Torrential rain sent rivers of water off the grime-encrusted rooftops. It seeped into the fissures and folds of the dilapidated cardboard box Gertie called home on this particular night. Another rainy evening in the alleys of New York.She hunched against the back of the box and wrapped a plastic bag across her thin shoulders, treasuring the small measure of comfort it afforded.
Gertie dreaded mornings with the fervor of a vampire. The day held terrors the night dispelled, with its never-ending search for sustenance in the hostile world of the homeless. A world that spurned her as she begged at its feet. Her genetic deformities repulsed the common herd, causing Gertie mental deformities far more painful than her physical ones. The gnarled ache of a heart that had never known love or caring. Nerves that had never been soothed by a tender caress or casual embrace. She fell asleep praying for an eventless night.
An eerie noise awakened her. The low moan of a creature, nearby. A raspy, decidedly feminine, moan. The pitiful cry called to something deep within Gertie, some soulful core she didn’t know still existed beneath the hardened exterior she’d so carefully fabricated over the years. Then interpretation washed over her. The rhythmic cries echoed a timeless ballad, one as old as the universe itself–the edgeless wail of approaching death.
Goosebumps rose along Gertie’s spine. She peered through a finger-sized hole in her box. The distant streetlights revealed a small body on the pavement. Studying the scene, Gertie saw no menacing figure to associate with the victim’s distress. Probably just another wino about to depart for the Ultimate Shelter. Gertie preferred not to confront such cruel reminders of her own future demise.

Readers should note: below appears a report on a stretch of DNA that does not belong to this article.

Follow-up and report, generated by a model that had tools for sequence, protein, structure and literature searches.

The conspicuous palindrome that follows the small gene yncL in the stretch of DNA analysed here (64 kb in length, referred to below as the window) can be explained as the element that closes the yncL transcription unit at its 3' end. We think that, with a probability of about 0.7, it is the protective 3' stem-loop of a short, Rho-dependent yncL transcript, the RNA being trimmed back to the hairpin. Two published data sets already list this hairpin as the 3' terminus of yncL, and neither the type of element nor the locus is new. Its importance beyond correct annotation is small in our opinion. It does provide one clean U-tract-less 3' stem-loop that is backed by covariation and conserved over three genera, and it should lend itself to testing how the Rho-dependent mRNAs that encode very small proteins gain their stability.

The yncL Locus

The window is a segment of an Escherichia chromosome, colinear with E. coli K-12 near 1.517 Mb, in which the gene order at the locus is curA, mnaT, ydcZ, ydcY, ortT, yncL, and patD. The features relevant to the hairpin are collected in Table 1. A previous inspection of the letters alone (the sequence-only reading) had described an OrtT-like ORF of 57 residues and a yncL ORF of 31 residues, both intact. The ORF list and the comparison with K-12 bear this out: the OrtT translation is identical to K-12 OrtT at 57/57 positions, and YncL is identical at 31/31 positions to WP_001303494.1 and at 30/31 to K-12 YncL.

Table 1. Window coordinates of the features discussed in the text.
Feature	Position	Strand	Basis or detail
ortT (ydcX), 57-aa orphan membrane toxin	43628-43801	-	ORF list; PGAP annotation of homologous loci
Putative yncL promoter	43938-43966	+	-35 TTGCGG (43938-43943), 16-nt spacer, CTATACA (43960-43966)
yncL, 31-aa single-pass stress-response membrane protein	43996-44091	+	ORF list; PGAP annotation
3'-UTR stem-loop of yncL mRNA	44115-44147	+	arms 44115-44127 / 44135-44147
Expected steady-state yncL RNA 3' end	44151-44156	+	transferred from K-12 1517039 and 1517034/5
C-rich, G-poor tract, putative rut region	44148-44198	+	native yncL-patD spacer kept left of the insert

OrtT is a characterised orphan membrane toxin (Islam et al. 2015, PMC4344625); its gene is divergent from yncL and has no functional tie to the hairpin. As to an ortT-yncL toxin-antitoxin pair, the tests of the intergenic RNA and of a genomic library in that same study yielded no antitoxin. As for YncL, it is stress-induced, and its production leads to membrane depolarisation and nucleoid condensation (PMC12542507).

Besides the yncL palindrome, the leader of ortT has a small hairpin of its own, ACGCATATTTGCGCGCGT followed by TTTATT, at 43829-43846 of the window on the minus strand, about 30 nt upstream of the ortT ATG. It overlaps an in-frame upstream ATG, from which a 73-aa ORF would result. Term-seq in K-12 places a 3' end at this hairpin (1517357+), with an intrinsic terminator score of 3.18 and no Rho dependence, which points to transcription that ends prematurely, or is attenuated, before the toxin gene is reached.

“Evangeline!” The voice called. “Evangeline, come close!”
Gertie gasped. How did this woman know the secret name? She’d entered this realm as Gertrude Ball, but Gertie the gimp, was what they called her on the street. Evangeline existed only in distant fantasies. Visions of a doctor who would remake her body into the ethereal Evangelize had evaporated long ago. She’d once dreamed of a world where Evangeline was transported to far away places, to castles across the sea. Where she became healthy and whole. Where people cared. Magical moments in the imaginary land of her own desire, before life had stripped her of trust and hope.
Gertie the gimp had to know.
She crawled from her box, slowly, dragging herself through the puddles to the prostrate form that called to her so desperately.
“There is no Evangeline here!” She said harshly.
The woman on the ground rolled onto her back. The hood that covered her face fell away and the streetlights shone upon delicate ivory features, lustrous auburn hair, a rapturous smile.
Gertie sucked in her breath. There lay the Evangeline of her dreams, as perfect as a twin. She cringed, terrified now. She needed to flee this eerie visitation, to back away.
But the woman’s arm struck out from beneath the cloak and seized Gertie, pulling her down with a strength she could not match. The creature lying in the grime of the alley floor clutched her tightly.
Gertie struggled to free herself. She tried to scream, sobbing with the effort–and smelled sweetness, not the malodorous stench of death. The body beneath her was warm and soft, not cold and bony like her own.